By now, I’m sure many of you have seen the recent disturbing images and footage of the U.S. southern border in Del Rio, Texas. Even if you aren’t fully updated on the details of the situation or haven’t been following the news at all, your social media has likely been circulating with photos of U.S. Border Patrol agents on horseback grabbing Haitian migrants, many of whom are carrying food and supplies for their families. Widely shared on my feed was a post that compared one of these photos from the border to a historical drawing of a slave being struck by a white man on horseback with a whip.
These images although centuries apart still seem to represent the worst of America’s capacity for humanity. @Potus if the plan is to #BuildBackBetter step 1 must be tearing down a foundation of oppressive practices. pic.twitter.com/bEkGDYl6Wg
— NAACP (@NAACP) September 21, 2021
This image is important for contextualizing what has been going on at the border and understanding the U.S. immigration system as a whole; it is a visual reminder of the legacy of the institutions in this country that continue to inflict violence against people of color. The violent response to Haitian migrants at the border is “all too familiar to those who are aware of America’s ugly history,” stated Derrick Johnson, president and CEO of the NAACP. While some have described the cruel treatment of Haitian migrants at the border as “un-American” or “not who we are,” I would argue that it is, in fact, reflective of America, aligning with the historical policies and ideals that have outlined who is protected here and who can access resources.
When my professor asked our Sociology of Immigration class last week for our thoughts on what was unfolding at the border, most of our responses suggested that while our knowledge of the racism and discrimination embedded in the U.S. immigration system meant we were not necessarily surprised, we were still disappointed to see President Biden continuing to uphold these structures.
In many ways, Biden has maintained Trump-era immigration practices instead of attempting to deconstruct them like he indicated he would during his campaign. Immigration detentions have skyrocketed under Biden with the number of detainees at nearly 27,000 by the end of July, a number that has more than doubled since February. Many of those detained have passed initial screenings for asylum and are housed in private prisons for immigration detention, which Biden had vowed to end.
Particularly upsetting is the Biden administration’s use and support of Title 42, even after it was declared unlawful by a federal judge on Sept. 16. Title 42 is a clause of the 1944 Public Health Services Law that was created to prevent new individuals from coming into the country during public health emergencies. During the Trump administration, it was interpreted to allow rapid deportations without hearing asylum claims in the name of “public health concerns.” Between October 2020 and August 2021, 938,045 migrants were expelled under Title 42. Seeking asylum is perfectly legal, and to me, Title 42 seems like a violation of U.S. asylum laws. However, the judge’s recent injunction only blocks the use of Title 42 against families, not single adults, and it does not go into effect until Sept. 30.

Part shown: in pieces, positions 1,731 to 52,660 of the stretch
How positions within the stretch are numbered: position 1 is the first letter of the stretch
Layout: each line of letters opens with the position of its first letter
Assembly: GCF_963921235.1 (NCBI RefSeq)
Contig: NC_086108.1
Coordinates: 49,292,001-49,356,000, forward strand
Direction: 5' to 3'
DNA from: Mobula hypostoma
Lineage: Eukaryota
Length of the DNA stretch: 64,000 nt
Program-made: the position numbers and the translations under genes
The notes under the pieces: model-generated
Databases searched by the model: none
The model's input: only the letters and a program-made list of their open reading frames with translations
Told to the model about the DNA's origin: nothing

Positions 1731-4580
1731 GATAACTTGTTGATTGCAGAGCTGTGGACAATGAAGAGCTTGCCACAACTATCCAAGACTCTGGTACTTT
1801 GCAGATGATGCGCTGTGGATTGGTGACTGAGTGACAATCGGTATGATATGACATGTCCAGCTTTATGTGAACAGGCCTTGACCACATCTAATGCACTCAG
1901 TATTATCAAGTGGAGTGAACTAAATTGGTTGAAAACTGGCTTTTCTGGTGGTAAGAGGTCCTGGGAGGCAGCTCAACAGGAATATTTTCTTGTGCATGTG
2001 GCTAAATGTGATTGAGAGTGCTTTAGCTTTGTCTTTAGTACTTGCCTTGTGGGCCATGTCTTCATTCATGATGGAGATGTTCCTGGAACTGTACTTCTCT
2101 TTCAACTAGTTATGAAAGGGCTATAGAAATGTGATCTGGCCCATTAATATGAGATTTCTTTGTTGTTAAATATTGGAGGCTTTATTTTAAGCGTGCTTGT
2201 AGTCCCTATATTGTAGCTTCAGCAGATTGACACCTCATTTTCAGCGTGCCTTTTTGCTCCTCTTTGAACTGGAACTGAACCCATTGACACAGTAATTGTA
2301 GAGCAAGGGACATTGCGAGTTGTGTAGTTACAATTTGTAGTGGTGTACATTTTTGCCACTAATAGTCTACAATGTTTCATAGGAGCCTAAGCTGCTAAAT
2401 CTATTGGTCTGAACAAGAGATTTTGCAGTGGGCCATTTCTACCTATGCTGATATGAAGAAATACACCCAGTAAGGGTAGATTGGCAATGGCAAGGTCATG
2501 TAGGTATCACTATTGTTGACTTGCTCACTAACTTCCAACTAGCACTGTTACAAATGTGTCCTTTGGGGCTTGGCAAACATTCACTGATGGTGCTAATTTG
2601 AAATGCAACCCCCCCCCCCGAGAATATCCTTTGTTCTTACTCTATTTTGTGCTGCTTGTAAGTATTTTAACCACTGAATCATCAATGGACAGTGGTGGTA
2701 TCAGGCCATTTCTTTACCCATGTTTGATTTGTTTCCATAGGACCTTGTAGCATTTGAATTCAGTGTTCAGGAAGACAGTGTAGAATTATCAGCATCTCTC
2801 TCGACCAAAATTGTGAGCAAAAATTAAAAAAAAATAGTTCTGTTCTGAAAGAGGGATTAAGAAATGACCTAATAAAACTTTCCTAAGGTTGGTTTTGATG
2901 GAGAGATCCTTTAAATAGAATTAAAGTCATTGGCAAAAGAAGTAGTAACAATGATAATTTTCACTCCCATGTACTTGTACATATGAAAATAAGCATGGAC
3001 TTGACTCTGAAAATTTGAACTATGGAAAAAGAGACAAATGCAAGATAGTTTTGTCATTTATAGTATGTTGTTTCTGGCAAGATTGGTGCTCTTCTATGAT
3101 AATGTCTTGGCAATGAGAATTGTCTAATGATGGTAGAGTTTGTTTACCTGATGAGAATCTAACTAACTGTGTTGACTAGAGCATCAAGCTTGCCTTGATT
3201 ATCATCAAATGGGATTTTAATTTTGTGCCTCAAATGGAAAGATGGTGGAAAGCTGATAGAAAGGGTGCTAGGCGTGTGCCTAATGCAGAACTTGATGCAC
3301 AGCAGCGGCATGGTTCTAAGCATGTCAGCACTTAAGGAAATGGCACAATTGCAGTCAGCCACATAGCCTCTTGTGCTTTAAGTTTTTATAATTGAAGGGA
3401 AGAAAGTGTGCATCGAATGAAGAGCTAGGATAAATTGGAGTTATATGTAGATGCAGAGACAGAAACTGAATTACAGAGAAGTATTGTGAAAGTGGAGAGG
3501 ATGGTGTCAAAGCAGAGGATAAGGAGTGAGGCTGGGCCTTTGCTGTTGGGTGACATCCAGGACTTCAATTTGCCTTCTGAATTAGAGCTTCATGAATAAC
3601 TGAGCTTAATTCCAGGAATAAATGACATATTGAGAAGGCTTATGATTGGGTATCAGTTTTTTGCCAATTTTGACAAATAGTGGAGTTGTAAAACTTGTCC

Over the past two weeks and up until this past Friday, Sept. 24, thousands of migrants, most of them Haitians, were huddled under the Del Rio-Ciudad Acuña International Bridge hoping for the chance to seek asylum. The Biden administration invoked Title 42 and ultimately organized mass deportations. On Sept. 18, almost 15,000 migrants were waiting at the border crossing, but as of this past Friday, no migrants remained; many were sent back to Haiti, which has been battling the impacts of the recent earthquake as well as the assassination of their president over the summer.
Even before these events, the U.S. Department of Homeland Security was well aware of the social and economic turmoil in Haiti, citing “security concerns, social unrest, an increase in human rights abuses, crippling poverty, and lack of basic resources, which are exacerbated by the COVID-19 pandemic” to explain the rationale behind their temporary protective status of Haitians in the U.S. back in May 2021. So, why send them back? Why not listen to their asylum claims after they’ve travelled all this way in search of safety and a better life? The lack of compassion is overwhelming.
On Sept. 23, Daniel Foote, the U.S. special envoy for Haiti, resigned in protest of these mass deportations. In a letter to Secretary of State Blinken, Foote wrote that he “will not be associated with the United States’ inhumane, counterproductive decision to deport thousands of Haitian refugees and illegal immigrants to Haiti, a country where American officials are confined to secure compounds because of the danger posed by armed gangs in control of daily life.”
More statements like this will help hold our government accountable for the violence it is commiting and hopefully motivate leaders to finally restructure our immigration system to better incorporate a sense of humanity. The Biden administration has pledged to address the root causes of migration, but in order to actually fulfill this goal and the commitments outlined in his plan, the U.S. must take responsibility for perpetuating this issue through reactive measures such as swift deportations and failing to hear asylum claims.